Would you ever tell someone to
watch your lifestyle and imitate
all that you do?
Think about it:
What you watch on TV.
How you spend your money.
How you vote.
What you choose to fight for.
Your reading material.
What you post on social media.
Every part of your life . . .
being imitated by others!
That’s exactly what the apostle Paul
told the Corinthians to do.
Check it out:
“I urge you to imitate me”
(1 Corinthians 4:16 NIV).
I URGE you?
Isn’t this a bit arrogant?
Ephesians 5:1 tells us to imitate God!
Paul tells us to imitate him.
Do you get it?
Paul lived in such union with God
that imitating Paul would be like imitating God.
Oh. My. Goodness.
As sold-out disciples—
people who are living in radical obedience
to the Lordship of Jesus Christ—
shouldn’t we be able to say the same thing?
What if we could say this to our teens:
“Hey, I know life is tough. I realize you’re trying
to follow Christ . . . that you don’t understand
all the Bible is telling you . . . you’re still navigating
your way through Christianity and you’re wobbling.
So to make it easier, just copy me. Can you do that?
I’ll live the life of Christ right in front of you, OK?
Though you don’t understand all of Christianity yet,
just keep watching me and imitate everything I say and do,
because I’m imitating God. So as you copy me, you’ll actually
be copying God Himself.”
Oh. My. Goodness.
THAT’s what Paul was saying.
Why aren’t we saying the same thing?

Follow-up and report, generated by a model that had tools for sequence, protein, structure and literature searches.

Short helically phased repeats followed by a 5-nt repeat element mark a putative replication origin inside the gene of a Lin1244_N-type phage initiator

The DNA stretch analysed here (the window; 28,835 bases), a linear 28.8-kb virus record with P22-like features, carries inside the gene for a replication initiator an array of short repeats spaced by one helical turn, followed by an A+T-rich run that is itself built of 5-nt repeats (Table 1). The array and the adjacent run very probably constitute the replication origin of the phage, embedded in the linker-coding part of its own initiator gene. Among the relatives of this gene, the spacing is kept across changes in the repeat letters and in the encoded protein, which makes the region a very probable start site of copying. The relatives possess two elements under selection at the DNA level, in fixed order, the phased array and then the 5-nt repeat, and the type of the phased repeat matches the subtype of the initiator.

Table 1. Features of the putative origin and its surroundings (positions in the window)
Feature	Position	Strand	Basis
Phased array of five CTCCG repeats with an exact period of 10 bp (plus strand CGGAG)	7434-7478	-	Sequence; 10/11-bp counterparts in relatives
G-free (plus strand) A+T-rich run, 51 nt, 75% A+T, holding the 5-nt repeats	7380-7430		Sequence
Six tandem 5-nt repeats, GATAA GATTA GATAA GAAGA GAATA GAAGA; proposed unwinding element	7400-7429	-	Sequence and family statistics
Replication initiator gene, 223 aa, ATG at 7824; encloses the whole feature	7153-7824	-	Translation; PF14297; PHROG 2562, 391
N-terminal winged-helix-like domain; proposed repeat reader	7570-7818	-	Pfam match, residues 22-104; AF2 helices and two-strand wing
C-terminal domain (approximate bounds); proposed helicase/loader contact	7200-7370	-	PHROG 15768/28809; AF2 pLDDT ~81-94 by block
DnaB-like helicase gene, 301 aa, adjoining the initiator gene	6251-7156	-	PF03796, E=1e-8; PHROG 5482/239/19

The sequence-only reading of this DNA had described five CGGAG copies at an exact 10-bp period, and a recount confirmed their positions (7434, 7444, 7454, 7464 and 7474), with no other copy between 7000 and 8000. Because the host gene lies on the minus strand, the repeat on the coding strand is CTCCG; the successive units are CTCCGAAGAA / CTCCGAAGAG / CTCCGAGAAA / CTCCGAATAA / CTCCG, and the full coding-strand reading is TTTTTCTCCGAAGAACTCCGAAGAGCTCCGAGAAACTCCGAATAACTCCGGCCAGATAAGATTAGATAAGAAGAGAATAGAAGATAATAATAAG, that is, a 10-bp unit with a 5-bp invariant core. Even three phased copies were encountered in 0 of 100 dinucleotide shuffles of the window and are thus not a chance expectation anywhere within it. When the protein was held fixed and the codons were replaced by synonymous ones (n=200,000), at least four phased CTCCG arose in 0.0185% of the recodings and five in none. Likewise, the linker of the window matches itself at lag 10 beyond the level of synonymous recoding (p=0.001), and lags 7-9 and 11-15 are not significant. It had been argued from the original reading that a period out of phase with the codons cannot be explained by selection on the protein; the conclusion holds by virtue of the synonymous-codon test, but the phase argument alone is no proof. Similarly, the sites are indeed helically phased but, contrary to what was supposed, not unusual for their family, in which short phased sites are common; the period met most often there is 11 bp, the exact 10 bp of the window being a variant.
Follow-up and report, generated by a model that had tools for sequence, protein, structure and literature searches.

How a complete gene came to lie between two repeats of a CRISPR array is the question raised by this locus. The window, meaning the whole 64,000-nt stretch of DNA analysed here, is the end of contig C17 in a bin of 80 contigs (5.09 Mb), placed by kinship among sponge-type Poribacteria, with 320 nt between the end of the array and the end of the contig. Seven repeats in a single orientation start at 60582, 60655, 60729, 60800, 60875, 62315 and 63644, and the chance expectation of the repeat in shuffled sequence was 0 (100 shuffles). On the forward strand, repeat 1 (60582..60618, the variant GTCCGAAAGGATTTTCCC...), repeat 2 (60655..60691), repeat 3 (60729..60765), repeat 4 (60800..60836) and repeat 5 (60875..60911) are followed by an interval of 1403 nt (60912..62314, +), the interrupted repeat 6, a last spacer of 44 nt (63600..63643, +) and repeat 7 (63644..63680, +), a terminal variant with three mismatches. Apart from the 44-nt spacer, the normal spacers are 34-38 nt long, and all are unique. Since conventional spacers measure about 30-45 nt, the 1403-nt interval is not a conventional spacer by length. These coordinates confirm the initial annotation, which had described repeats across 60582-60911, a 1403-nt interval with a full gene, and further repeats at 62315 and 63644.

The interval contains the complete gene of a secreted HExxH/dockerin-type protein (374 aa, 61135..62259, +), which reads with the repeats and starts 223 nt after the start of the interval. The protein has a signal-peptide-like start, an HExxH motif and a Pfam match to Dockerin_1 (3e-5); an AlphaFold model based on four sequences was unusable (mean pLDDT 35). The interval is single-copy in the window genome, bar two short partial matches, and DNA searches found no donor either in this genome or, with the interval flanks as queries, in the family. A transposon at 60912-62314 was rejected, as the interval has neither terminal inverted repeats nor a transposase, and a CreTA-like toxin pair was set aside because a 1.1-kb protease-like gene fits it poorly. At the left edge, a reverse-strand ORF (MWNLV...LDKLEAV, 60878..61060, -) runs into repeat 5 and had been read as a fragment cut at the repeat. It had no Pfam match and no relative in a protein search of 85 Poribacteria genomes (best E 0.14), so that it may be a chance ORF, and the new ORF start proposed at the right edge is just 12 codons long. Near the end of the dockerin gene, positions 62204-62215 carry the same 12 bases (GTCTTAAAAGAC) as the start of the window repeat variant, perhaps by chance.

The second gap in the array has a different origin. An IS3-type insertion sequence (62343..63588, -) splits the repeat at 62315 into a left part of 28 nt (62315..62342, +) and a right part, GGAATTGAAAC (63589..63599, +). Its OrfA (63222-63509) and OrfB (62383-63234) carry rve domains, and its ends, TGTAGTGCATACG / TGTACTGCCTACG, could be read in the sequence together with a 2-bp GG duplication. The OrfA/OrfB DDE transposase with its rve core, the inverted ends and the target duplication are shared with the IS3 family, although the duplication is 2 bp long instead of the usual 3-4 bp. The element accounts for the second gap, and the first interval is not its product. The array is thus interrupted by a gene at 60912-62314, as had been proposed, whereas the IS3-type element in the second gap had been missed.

Is it because we’re not living in radical obedience to Christ?
I don’t know about you . . .
but I want to be a godly role model.
I want to be like Christ.
So . . . in His strength . . . I’m not going to be “one more Christian”
In His strength . . . I’m not going to be “one more Christian”
who causes others to question their faith.
When I’m on vacation—and no one knows who I am
or what I do—I’m not going to release words from my mouth
that I normally wouldn’t.
I’m not going to order a drink when no one’s watching.
I’m not going to pick up a cigarette and take a few puffs.
I’m not going to enter a place of entertainment that I don’t
Because if I did, I’d be saying, “Imitate me when I’m in public and
when I’m at my best. But when I’m alone, don’t watch.”
What would happen if we could be parents, teachers, pastors,
role models, disciples who can say with ease,
“I URGE you to imitate me”?
All the time.
Will you join me in this goal?